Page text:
Thursday, 9 July 2009

Slow death

The currency of the slower ball has shifted; it's not been particularly devalued by all those power play and death overs, but it's become a common thing. It's a bit like the yorker in that respect, it's reinvented itself as a restraining measure.

But what really makes it work is scarcity. Ravi Bopara went to an old-school slower ball yesterday, one that seduced and then mugged him, one that fooled his senses. It's not good for the self-image that sort of failure, with your bat in the air, your guts lurching queasily. 

Facing a good slower ball is a strange sensation because the realisation, like the ball, takes a split second longer to arrive, and it's a split second filled with confusion. The ball is there, you can see it, it's just not there yet. By the time the brain registers the fact, the body has reacted and run its race.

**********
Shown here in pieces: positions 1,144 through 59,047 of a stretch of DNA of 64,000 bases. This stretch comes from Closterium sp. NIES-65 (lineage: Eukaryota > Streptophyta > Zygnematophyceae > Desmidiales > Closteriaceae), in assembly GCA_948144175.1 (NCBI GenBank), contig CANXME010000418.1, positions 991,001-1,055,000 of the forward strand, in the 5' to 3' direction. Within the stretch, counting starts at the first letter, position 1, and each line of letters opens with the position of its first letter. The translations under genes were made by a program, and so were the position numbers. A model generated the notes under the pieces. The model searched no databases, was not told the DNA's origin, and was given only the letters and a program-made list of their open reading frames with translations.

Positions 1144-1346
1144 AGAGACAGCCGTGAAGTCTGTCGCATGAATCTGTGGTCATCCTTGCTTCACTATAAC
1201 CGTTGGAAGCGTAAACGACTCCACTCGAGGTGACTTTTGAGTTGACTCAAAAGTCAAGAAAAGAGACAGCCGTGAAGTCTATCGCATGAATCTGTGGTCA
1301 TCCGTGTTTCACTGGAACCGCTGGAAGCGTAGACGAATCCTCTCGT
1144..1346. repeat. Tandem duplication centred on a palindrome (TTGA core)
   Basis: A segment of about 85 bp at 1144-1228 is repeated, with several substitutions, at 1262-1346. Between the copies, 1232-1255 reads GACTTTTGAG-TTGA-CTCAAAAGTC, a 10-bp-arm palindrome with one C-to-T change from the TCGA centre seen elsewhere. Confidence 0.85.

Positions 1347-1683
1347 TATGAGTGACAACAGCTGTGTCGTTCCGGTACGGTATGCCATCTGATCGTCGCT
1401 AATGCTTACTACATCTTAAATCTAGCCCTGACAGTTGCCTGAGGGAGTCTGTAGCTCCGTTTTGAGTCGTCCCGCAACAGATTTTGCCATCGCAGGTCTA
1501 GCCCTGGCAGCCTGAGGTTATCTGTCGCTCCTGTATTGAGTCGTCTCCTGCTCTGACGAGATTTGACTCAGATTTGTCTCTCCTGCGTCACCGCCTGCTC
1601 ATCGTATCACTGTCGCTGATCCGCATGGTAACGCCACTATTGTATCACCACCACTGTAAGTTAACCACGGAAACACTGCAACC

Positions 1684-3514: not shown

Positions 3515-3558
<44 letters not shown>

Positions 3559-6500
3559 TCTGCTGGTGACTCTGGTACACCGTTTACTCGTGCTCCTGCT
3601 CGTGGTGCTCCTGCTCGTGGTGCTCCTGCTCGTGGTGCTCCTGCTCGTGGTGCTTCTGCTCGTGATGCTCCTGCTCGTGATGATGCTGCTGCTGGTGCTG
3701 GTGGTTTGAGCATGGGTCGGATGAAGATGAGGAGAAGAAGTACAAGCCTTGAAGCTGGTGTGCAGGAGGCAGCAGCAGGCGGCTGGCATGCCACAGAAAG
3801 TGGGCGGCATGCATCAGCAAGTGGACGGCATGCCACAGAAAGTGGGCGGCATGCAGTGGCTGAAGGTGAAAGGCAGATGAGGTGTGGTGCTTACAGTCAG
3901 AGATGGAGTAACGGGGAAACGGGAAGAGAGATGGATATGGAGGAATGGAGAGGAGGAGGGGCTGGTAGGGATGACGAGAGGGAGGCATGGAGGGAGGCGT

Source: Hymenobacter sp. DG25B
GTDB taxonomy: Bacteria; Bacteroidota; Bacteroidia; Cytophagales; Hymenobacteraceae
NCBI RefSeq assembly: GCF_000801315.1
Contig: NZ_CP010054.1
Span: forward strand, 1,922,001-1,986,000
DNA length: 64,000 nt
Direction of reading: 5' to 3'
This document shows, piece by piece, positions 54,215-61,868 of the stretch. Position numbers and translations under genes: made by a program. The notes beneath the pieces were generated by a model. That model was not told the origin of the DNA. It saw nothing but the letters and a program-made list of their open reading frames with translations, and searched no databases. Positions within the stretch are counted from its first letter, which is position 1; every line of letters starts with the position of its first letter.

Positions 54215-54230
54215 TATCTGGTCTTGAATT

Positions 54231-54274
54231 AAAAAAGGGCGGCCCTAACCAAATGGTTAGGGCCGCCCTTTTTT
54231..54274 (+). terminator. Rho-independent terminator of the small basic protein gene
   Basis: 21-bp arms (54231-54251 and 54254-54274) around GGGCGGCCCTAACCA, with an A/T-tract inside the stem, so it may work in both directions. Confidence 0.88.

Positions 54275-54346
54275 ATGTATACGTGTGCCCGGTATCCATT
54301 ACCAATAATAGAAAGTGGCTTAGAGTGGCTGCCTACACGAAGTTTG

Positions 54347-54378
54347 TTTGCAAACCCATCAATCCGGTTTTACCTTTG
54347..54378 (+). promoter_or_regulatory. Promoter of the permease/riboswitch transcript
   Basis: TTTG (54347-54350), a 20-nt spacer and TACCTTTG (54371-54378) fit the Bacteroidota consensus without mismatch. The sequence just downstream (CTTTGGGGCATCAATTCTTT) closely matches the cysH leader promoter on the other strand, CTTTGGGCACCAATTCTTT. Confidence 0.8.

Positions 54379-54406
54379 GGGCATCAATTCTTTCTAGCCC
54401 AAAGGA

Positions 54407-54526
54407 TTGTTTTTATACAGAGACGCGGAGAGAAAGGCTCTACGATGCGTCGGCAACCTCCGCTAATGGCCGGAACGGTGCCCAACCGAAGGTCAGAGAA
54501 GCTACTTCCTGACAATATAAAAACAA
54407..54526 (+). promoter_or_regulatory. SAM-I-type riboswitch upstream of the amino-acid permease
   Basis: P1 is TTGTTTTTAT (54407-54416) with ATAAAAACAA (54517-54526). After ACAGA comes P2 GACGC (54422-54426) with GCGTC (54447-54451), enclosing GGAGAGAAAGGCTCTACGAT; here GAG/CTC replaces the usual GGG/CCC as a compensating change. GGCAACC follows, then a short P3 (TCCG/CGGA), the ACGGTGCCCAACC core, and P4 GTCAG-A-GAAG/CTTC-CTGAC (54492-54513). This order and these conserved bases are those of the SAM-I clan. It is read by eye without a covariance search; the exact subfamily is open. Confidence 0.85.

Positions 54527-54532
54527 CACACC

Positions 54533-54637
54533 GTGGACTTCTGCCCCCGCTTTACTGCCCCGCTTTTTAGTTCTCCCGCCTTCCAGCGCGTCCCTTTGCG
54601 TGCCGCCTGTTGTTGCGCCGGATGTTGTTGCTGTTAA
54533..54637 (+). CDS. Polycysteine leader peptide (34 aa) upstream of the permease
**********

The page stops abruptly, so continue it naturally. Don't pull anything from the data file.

Being beaten in that way hits you hard, because you've been done, fooled, duped. There's not the consolation of being pinged out by a quick, straight one, of being worked over, of dying a man's death. You're just walking off with a note saying 'sucker' stuck to your back. Oh yeah, it hurts.


Brit said...

Yes, in shorter forms of cricket there are some bowlers who bowl whole overs of slower balls. In which case they are, I suppose, just 'balls'.

Krish said...

I remember one of the Indian bowlers, Venkatesh Prasad, bowling only slow balls and then bowling one of them fast.

Just saw an old clip of Healy deceived by an Ambrose slow ball. Healy was amused and Ambrose couldn't believe his luck.